This is how to self isolate at uni if you’re in halls or a house
You’ve got to actually clean the bathroom!
Sharing a house at uni can be the greatest time in your life, it can also be absolute hell and trying to self isolate whilst at uni either in halls or a house, is going to be tricky.
The government have released guidelines for those that need to self isolate and basically you’re not interacting with anyone. Put those ideas of day long movie marathons with your flatmates to bed, you’ll be Netflix and chilling firmly on your own.
Mind and other mental health charities have also released information about how to look after your mental health when you’re self isolating.
This how to actually self isolate at uni:
Stay in your room
Government guidelines say those who live in shared spaces should stay in their room and only come out when necessary. The room you isolate in should ideally be ventilated and you should keep windows open, with the door closed.
Use the bathroom last
Because it’s always great being the last person on a bathroom rota. The government advise drawing up a rota for the bathroom and the person who is infected should use it last.
They also recommend cleaning it after use and using separate towels to the rest of the house.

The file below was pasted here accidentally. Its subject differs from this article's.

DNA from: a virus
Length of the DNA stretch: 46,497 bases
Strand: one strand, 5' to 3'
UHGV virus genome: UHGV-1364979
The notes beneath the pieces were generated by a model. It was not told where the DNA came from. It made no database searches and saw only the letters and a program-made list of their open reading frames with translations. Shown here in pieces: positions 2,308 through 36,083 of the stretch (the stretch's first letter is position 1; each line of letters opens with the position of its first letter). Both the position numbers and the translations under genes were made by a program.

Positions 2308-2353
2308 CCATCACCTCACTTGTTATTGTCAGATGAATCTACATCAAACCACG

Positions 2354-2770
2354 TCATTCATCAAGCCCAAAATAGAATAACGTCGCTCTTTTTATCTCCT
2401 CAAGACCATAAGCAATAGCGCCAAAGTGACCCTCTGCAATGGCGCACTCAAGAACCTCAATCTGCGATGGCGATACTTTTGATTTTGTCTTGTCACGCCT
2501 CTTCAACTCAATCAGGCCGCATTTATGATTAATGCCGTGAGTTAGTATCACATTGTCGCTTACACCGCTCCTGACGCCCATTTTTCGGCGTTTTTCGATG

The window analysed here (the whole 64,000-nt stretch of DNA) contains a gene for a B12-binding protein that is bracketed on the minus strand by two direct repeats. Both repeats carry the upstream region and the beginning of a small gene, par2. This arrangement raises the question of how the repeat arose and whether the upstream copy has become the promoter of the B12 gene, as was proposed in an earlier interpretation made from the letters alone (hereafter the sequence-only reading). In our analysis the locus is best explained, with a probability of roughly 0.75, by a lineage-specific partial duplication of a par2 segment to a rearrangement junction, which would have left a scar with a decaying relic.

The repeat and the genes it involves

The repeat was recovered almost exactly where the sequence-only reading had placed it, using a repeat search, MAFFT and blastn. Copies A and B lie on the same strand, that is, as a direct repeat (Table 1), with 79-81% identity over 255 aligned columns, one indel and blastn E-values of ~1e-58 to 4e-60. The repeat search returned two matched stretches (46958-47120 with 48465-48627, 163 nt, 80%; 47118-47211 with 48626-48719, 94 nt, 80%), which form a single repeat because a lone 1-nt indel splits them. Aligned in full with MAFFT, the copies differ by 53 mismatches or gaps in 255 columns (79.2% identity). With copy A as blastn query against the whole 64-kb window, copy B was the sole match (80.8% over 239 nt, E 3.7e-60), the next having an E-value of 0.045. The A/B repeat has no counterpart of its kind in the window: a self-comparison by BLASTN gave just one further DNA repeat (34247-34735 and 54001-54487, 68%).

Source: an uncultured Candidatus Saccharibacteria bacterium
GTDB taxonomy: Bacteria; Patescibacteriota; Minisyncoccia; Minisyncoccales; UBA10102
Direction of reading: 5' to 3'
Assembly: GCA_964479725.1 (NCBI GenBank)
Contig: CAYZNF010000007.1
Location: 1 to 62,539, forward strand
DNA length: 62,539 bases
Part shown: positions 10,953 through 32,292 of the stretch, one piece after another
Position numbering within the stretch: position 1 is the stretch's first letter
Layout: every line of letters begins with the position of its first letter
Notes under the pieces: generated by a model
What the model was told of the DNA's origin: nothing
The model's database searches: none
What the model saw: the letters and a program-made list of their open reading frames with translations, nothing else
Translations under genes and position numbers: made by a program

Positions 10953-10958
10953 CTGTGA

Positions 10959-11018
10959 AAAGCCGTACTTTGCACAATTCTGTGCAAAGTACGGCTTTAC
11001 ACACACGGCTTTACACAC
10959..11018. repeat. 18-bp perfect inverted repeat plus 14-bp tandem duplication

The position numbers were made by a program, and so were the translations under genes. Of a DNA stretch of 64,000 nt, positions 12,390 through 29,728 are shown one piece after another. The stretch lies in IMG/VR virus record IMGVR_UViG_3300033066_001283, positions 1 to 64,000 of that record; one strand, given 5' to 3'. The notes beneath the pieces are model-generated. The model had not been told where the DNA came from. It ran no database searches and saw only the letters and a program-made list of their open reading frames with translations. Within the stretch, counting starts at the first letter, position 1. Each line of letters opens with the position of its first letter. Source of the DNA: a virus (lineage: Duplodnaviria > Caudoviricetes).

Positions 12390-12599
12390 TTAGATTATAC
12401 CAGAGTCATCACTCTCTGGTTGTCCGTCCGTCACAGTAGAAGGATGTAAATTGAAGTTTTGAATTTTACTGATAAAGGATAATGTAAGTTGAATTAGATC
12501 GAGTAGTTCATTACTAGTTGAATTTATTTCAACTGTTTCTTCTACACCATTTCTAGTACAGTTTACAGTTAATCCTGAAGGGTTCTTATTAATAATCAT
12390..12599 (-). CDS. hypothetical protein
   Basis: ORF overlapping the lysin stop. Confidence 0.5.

Eat all your meals in your room
It’s advised that when making meals you should try and go into the kitchen when it’s empty. The government suggests you should take all your meals and eat them in your room which is tragic but important.
When clearing up, most student homes obviously don’t have a dishwasher, so use warm water and detergent to clean up and use a separate tea towel to dry up.
Whoever is infected should also have their own cutlery, plates and glasses etc.
Establish a house routine
Mind suggest creating a house routine and to give everyone a say in the rota.
Keeping your mental health in check during isolation
Obviously being on your own in your room is going to get lonely, so stay active on the group chat, FaceTime friends and family and if your house mates don’t mind chat through your bedroom door.
The founder of wellbeing company PUSH, Cate Murden, has recommended setting boundaries with the people you live with. This is so assumptions aren’t made and to minimises the risk of arguments.
Cate said: “During challenging times, boundaries help ensure that assumptions aren’t made when tempers are already shortened – which could easily lead to frayed edges and blow ups.
“Setting boundaries will ensure that relationships can be mutually respectful, appropriate, and caring.”